mitre.  There  was  the  meer  Don,  as  Sir  Thomas 
Overbury  calls  him  ;  Head  of  a  House  commonly 
as  the  resultant  of  a  squabble  amongst  the  electing 
Fellows,  with  a  late-married  wife  as  uncouth  and 
uneducated  as  himself,  forming  with  a  few  affluent 
saddles  an  exclusive,  pompous,  ignorant,  lazy  set, 
"respecting  no  man  in  the  University,  and  re- 
spected by  no  man  out  of  it."  Lastly,  the  orna- 
mentalDon  ;  representative proxenus to  distinguished 
strangers,  chosen  as  Proctor  or  Vice-Chancellor 
against  a  probable  Installation  or  Royal  visit. 


Bull  played  this  part  to  perfection,  as  did  Dr. 
Wellesley  in  the  next  generation.  He  had  gained 
his  double  first  and  kindred  decorations  as  a 
young  man,  but  promotion  early  and  plural  lighted 
on  his  head,  promotion,  not  to  posts  which  tax 
and  generate  effort,  but  to  cushioned  ease  of 
canonries ;  and  he  dropped  into  the  manager  of 
Chapter  legislations  and  surveyor  of  College  pro- 
perties ;  a  butterfly  of  the  most  gorgeous  kind, 
a  Morpho,  such  as  dear  old  Westwood  used  to 
unveil  before  visitors  to  his  museum,  yet  still  only 
a  butterfly.  He  was  a  man  of  pluck  and  deter- 
mination ;  his  overthrow  of  redoubtable  Bishop 
Philpotts  was  immortalised  by  a  delightful  cartoon 
in  an  early  Punch — a  bishop  tossed  by  a  bull ; 
he  had  the  manner  of  a  royal  personage ;  you 
must  follow  his  lead  and  accept  his  dicta;  but 
he  was  a  generous,  kindly  Dives,  of  a  day  when 
Lazarus  had  not  come  to  the  front  with  unem- 
ployed and  democratic  impeachments,  to  drop 
flies  into  the  fragrant  ointment,  to  insinuate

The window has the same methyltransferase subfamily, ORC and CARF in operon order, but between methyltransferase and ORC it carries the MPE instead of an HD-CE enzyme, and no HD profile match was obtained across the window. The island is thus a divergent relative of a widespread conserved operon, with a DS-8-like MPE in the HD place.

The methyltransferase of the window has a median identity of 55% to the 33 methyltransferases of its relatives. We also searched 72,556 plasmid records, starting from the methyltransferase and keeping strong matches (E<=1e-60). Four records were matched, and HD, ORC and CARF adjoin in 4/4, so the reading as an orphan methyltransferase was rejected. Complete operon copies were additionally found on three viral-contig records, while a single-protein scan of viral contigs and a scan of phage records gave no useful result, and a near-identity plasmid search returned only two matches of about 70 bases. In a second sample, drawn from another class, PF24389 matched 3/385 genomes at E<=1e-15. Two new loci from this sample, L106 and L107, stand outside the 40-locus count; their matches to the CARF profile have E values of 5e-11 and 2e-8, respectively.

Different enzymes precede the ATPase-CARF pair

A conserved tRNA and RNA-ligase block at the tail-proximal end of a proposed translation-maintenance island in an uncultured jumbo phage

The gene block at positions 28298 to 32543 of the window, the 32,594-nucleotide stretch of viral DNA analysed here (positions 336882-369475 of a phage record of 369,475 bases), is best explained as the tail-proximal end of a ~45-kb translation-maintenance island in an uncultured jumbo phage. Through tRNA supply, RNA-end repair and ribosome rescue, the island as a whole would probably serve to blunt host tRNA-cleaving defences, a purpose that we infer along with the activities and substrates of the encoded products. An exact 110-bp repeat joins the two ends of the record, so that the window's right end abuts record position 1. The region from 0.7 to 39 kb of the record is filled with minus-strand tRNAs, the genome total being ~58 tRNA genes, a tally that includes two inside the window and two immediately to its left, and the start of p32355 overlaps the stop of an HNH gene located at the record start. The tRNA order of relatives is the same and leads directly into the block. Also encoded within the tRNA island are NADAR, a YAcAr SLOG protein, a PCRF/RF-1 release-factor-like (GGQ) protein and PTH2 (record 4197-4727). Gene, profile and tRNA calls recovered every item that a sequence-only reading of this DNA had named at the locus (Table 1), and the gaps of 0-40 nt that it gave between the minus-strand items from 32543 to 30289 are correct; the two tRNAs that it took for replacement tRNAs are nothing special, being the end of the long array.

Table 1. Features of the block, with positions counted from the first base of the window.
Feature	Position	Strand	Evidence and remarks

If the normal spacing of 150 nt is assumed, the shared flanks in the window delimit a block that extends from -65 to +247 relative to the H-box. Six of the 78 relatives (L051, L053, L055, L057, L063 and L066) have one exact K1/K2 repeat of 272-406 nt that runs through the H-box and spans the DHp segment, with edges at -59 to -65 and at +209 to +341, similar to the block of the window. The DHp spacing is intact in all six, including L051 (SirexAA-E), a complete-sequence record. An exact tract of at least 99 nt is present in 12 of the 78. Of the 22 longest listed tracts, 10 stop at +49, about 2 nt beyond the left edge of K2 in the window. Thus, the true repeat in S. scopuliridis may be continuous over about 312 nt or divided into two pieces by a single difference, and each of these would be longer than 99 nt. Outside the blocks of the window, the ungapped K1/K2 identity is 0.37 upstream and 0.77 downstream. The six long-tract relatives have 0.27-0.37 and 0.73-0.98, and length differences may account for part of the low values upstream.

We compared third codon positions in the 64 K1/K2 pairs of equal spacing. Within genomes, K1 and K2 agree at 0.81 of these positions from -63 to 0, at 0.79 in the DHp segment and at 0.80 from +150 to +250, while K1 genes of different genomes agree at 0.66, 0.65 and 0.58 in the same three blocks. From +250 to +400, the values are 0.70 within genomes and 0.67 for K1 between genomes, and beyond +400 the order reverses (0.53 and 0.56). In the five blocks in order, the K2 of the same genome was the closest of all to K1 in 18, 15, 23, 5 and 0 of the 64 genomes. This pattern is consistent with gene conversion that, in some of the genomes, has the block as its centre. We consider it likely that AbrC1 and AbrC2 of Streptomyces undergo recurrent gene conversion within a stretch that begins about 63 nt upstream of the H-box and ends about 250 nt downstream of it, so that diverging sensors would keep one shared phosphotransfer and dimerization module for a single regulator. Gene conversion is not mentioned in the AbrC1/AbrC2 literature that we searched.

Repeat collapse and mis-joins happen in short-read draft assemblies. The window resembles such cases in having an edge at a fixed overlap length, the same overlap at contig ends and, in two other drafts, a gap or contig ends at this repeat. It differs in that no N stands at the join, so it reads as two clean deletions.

scruples  as  to  the  purple  and  fine  linen,  to  predict 
the  evolutionary  downfall  of  those  who  toil  not 
neither  spin.  He  would  be  impossible  at  the 
present  day,  and  perhaps  it  is  just  as  well.  He 
was  Canon  of  Christchurch,  Canon  of  Exeter, 
Prebendary  of  York,  and  held  the  good  College 
living  of  Staverton,  all  at  once : — 

"  On  the  box  with  Will  Whip,  ere  the  days  of  the  Rail, 
To  London  I  travelled  ;  and  inside  the  mail 
Was  a  Canon  of  Exeter  ;  on  the  same  perch 
Was  a  Canon  of  Oxford's  Episcopal  Church. 
Next  came  one  who  held — I  will  own  the  thing  small — 
In  the  Minster  of  York  a  prebendary  stall. 


And  there  sate  a  Parson,  all  pursy  and  fair, 

With  a  Vicarage  fat  and  five  hundred  a  year. 

Now,  good  reader,  perhaps  you  will  deem  the  coach  full  ? 

No— there  was  but  one  traveller — DOCTOR  JOHN  BULL  ! " 

An  oddiiypar  excellence  was  the  "  Senior  Fellow  "  : 
an  oddity  then,  a  palaeozoic  memory  now.  He 
vanished  with  the  Forties ;  Railways,  New  Museums, 
University  Commissions,  were  too  much  for  him. 
He  was  no  mere  senior,  primus  inter  pares  only 
in  respect  of  age ;  he  was  exceptional,  solitary, 
immemorial ;  in  the  College  but  not  of  it ;  left 
stranded  by  a  generation  which  had  passed  ;  a  great 
gulf  in  habits,  years,  associations,  lay  between  the 
existing  Common  Room  and  himself.  He  mostly 
lived  alone ;  the  other  men  treated  him  deferen- 
tially and  called  him  Mister ;  he  met  them  in  Hall 
on  Gaudy  days  and  was  sometimes  seen  in  Chapel ; 
but  no  one  ever  dropped  in  upon  him,  smoked 
with  him,  walked  with  him ;  he  was  thought  to 
have  a  history ;  a  suspicion  of  disappointment 
hung  over  him  ;  he  lived  his  own  eccentric,  friend- 
less life,  a  victim  to  superannuation  and  celibacy. 

Not  a  few  of  these  venerable  waifs  come  back  to 
me  from  early  years.  There  was  old  Tom  Davies, 
Senior  Fellow  of  Jesus,  visible  every  day  from